According to internal emails from the U.S. Securities and Exchange Commission (SEC), there is reason to believe that XRP, the cryptocurrency linked with Ripple Labs, may not be considered a security as it may not meet all aspects of the Howey Test.
The Howey Test is a legal test used in the U.S. to determine whether an investment transaction qualifies as a security under federal law. It was established by the Supreme Court in 1946 in the case of SEC v. W. J. Howey Co.
The test states that if an investment involves the investment of money in a common enterprise with the expectation of profits primarily from the efforts of others, it is considered a security and is subject to regulation by the SEC. The Howey Test is still widely used today in determining whether certain investments, such as cryptos or initial coin offerings (ICOs), qualify as securities.
Meanwhile, John Deaton, a well-known attorney and XRP supporter, discovered references to SEC emails in Ripple’s opposition and reply briefs’ footnotes. Deaton found it perplexing that Ripple’s legal team did not highlight the possible significance of these emails more prominently.
The emails, referenced as Exhibit 220, seem to suggest that there may be valid reasons to believe that XRP does not meet all the Howey factors. Deaton said he was surprised to discover a detail in the footnotes that he had missed despite reviewing thousands of pages of legal documents related to the case.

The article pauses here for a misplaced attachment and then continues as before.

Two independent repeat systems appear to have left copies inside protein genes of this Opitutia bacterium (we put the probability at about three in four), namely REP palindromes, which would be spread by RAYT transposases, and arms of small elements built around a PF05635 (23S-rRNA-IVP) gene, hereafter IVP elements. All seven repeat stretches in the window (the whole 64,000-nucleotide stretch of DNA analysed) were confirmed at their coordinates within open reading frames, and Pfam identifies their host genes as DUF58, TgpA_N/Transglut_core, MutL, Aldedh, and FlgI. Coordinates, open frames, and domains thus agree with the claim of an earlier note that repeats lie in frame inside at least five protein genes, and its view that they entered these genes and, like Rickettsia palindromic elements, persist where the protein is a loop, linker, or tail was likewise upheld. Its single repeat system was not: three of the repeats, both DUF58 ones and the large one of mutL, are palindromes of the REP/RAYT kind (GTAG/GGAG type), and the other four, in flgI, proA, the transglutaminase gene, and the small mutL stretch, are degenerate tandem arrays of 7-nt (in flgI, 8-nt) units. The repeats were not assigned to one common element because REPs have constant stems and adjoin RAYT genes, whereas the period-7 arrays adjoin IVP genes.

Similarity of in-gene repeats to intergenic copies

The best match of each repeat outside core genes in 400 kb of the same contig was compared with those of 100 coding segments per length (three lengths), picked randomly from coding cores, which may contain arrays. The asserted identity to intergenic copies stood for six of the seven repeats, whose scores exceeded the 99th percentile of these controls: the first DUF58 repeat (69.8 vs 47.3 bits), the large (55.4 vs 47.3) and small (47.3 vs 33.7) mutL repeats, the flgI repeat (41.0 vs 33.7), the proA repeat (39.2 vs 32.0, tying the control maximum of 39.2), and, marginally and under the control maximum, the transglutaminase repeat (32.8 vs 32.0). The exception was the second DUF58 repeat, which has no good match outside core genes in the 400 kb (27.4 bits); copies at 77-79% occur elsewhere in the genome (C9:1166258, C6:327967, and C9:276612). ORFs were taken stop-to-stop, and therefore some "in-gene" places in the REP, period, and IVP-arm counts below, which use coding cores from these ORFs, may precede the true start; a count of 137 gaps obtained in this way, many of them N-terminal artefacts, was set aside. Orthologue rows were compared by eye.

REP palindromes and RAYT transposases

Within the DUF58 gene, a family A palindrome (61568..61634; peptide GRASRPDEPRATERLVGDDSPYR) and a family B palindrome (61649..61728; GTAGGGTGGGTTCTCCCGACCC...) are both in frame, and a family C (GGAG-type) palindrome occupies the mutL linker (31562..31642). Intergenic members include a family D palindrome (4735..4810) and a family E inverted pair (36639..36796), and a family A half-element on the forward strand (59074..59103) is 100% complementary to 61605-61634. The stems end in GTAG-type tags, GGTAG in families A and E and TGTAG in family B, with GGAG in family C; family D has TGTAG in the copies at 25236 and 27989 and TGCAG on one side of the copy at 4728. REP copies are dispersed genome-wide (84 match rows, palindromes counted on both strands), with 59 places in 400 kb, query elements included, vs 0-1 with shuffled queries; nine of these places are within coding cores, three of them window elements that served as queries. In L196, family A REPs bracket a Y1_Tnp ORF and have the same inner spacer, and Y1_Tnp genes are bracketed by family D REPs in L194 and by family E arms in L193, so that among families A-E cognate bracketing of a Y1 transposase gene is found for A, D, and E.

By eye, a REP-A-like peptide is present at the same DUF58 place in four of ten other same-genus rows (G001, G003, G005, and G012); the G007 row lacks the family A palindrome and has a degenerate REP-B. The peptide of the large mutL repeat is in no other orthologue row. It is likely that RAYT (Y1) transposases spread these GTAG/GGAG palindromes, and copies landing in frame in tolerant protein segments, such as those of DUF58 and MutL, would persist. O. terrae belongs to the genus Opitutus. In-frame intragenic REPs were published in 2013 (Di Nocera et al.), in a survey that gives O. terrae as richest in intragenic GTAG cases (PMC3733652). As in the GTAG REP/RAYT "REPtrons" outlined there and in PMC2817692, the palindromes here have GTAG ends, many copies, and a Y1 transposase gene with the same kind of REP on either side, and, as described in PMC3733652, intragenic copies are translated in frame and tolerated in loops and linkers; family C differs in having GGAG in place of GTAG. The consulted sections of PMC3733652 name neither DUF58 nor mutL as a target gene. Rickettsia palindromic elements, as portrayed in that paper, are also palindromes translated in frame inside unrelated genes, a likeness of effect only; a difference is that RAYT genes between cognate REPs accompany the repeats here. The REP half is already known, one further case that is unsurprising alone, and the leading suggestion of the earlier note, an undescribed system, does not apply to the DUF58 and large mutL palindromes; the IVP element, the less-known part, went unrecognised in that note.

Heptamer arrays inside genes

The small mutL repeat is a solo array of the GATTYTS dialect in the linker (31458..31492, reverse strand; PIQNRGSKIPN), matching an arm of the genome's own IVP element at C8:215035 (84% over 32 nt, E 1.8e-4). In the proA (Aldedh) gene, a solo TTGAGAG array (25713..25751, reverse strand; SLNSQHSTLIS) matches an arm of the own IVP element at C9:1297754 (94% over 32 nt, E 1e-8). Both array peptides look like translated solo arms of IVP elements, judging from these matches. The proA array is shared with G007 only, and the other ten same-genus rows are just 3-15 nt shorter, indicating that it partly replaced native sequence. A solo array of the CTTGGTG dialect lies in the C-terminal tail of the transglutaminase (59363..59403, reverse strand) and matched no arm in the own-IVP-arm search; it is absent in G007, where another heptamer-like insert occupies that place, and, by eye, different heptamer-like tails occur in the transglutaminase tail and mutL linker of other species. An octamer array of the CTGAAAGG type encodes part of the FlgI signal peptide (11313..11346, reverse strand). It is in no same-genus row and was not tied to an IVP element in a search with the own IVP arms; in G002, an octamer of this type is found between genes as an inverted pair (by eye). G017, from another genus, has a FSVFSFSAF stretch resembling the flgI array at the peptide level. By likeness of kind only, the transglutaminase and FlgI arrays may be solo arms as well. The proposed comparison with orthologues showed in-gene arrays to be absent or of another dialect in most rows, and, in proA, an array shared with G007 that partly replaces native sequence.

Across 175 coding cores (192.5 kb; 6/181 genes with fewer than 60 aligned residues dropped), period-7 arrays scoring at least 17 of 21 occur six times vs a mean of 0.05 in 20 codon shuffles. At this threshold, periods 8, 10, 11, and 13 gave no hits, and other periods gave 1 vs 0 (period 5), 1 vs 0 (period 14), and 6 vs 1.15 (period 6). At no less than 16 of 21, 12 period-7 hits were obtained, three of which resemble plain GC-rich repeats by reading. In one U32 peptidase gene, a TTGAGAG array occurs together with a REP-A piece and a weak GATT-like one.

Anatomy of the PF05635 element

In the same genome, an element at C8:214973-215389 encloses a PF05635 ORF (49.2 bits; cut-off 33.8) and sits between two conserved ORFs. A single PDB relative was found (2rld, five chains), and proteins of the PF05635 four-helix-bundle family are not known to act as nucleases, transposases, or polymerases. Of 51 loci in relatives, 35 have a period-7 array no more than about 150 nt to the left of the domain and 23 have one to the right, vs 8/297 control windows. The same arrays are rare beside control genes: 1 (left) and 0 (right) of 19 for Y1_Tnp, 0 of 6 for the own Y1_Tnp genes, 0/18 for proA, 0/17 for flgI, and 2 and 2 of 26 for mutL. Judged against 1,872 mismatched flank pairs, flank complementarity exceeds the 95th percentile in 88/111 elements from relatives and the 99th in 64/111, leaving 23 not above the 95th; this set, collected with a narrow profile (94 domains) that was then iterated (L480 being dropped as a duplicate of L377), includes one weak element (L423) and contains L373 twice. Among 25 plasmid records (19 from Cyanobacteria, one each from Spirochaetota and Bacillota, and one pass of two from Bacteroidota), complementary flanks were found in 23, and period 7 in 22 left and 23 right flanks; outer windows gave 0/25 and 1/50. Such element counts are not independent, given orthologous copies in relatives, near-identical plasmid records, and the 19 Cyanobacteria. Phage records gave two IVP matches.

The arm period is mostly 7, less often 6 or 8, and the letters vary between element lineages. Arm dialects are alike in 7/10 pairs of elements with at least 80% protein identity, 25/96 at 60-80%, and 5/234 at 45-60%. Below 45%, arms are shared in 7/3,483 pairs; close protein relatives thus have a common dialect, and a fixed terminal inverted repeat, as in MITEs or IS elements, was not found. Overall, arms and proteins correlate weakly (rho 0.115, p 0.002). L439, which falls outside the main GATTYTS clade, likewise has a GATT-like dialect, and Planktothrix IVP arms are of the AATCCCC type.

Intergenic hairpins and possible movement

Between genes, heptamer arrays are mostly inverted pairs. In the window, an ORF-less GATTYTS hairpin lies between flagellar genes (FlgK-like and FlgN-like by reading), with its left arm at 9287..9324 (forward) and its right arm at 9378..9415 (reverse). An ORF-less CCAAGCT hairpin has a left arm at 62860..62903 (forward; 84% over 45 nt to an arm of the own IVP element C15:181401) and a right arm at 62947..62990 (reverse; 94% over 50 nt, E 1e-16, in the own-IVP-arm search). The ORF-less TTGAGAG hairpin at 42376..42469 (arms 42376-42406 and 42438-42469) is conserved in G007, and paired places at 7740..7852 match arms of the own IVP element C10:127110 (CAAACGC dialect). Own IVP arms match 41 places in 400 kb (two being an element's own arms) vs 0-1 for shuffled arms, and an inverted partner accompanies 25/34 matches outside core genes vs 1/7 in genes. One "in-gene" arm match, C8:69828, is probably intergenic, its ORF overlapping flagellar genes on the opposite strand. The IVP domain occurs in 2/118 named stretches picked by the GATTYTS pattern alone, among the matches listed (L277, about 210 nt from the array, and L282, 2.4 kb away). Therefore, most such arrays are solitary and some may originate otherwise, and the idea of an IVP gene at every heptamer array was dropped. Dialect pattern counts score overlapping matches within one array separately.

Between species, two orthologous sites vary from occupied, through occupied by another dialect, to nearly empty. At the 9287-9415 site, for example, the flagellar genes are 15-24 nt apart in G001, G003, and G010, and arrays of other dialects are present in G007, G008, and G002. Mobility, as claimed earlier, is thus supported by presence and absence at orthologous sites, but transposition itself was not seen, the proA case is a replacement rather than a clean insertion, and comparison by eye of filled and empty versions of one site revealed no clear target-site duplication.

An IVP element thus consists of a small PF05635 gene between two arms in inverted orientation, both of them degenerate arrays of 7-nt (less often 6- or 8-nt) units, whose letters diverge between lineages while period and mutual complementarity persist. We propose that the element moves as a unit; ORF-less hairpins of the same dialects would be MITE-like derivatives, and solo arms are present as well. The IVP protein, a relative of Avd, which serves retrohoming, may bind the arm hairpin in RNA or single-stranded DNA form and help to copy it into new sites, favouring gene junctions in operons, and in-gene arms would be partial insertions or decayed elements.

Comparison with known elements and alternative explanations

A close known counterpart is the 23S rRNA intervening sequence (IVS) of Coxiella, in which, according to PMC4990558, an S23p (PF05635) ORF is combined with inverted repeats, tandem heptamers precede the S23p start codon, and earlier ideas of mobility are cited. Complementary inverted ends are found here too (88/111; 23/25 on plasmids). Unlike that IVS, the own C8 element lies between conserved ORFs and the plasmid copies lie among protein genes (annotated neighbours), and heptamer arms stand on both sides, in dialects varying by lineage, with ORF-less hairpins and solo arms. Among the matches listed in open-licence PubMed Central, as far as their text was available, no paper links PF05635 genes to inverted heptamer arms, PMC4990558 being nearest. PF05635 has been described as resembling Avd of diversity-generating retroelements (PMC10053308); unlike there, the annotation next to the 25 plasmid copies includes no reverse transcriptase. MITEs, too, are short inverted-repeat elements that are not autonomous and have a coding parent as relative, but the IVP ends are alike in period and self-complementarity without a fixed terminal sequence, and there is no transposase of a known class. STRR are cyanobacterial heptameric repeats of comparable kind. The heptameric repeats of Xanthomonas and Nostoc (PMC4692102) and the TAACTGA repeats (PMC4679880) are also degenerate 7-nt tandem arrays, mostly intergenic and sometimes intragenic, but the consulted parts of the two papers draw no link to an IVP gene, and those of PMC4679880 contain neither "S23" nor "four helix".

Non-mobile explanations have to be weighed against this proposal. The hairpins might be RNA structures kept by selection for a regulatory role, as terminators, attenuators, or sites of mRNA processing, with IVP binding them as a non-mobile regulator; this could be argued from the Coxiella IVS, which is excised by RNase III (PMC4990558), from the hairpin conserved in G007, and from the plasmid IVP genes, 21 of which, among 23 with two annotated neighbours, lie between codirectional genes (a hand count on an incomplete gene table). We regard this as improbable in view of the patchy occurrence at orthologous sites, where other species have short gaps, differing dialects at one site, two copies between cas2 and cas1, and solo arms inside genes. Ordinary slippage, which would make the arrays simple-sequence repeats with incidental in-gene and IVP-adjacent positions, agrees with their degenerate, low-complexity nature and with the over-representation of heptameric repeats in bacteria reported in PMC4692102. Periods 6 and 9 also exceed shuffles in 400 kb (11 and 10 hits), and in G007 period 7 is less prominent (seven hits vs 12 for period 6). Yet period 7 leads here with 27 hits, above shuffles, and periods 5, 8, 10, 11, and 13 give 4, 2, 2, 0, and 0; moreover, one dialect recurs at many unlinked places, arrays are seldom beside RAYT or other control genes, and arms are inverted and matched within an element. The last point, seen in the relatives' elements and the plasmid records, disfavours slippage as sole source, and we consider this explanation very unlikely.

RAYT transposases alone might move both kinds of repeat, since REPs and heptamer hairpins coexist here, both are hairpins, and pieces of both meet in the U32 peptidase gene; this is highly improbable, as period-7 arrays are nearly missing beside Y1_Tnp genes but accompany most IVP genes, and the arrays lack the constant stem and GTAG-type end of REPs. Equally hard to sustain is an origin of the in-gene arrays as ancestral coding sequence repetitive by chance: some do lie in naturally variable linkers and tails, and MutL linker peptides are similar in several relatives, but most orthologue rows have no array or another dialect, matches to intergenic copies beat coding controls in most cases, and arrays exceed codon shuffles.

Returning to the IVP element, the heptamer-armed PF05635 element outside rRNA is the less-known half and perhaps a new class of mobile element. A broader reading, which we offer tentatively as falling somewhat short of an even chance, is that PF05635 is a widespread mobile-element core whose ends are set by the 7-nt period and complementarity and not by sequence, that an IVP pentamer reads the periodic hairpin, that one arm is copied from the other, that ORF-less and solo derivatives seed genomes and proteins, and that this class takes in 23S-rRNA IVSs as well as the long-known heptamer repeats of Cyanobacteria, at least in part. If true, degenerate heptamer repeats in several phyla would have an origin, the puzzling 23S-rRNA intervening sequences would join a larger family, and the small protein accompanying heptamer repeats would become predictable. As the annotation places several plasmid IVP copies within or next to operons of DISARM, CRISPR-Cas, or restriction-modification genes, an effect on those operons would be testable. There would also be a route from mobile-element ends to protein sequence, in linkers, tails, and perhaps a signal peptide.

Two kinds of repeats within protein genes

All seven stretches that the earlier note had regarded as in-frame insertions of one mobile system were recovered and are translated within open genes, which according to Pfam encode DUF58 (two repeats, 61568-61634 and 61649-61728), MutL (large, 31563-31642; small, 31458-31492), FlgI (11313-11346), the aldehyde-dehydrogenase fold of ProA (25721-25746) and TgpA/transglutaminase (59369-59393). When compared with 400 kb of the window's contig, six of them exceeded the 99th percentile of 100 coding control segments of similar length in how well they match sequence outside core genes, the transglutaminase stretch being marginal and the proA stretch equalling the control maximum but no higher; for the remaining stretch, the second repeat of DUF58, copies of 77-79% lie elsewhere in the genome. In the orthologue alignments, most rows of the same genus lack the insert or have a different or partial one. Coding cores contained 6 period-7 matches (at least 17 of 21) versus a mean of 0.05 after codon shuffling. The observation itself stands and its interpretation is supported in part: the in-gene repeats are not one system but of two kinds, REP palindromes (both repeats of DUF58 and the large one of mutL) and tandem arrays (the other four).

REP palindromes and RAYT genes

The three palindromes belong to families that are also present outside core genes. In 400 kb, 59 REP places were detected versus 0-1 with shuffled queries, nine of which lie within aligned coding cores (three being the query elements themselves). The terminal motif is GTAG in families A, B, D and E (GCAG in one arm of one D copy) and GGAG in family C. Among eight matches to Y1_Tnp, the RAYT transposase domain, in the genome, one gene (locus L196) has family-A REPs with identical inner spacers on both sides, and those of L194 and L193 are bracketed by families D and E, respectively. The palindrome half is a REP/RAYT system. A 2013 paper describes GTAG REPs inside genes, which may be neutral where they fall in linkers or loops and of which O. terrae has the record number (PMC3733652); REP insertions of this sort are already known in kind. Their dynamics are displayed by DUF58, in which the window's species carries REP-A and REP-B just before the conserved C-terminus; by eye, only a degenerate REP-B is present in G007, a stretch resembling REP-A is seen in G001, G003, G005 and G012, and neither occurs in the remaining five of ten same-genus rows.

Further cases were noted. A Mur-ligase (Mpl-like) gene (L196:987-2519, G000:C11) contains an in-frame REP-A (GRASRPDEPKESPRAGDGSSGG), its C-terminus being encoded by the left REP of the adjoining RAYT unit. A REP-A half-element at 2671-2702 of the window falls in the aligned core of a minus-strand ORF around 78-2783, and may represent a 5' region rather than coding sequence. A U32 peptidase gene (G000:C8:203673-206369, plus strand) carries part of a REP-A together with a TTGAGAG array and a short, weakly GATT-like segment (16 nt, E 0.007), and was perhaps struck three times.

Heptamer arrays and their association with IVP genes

🚨NEW: A really interesting find by @JohnEDeaton1 in the footnotes of @Ripple’s Opposition and Reply Briefs.
It shows references to internal @SECGov emails conceding reasonable grounds that #XRP does not satisfy all elements of the Howey Test and is therefore “not a security.” https://t.co/R2zwWqjOrk
— Eleanor Terrett (@EleanorTerrett) May 21, 2023
It seems that this very important detail may have been overlooked because it was placed after a sentence about independent market participants sending analyses to the SEC asserting that XRP was not a security. The analyses determined that XRP was not considered a security, drawing attention away from the email citation that came immediately afterward.
Deaton also raised a thought-provoking question about why Ripple’s lawyers didn’t emphasize this information more if it came directly from a high-ranking SEC employee.
He suggested that the quote may not have come directly from an SEC official, but instead, an SEC official might have cited someone else’s analysis of XRP in the emails with Hinman, a former SEC official who in 2018 stated in his official capacity that he believed both Bitcoin (BTC) and Ethereum (ETH) are not securities.
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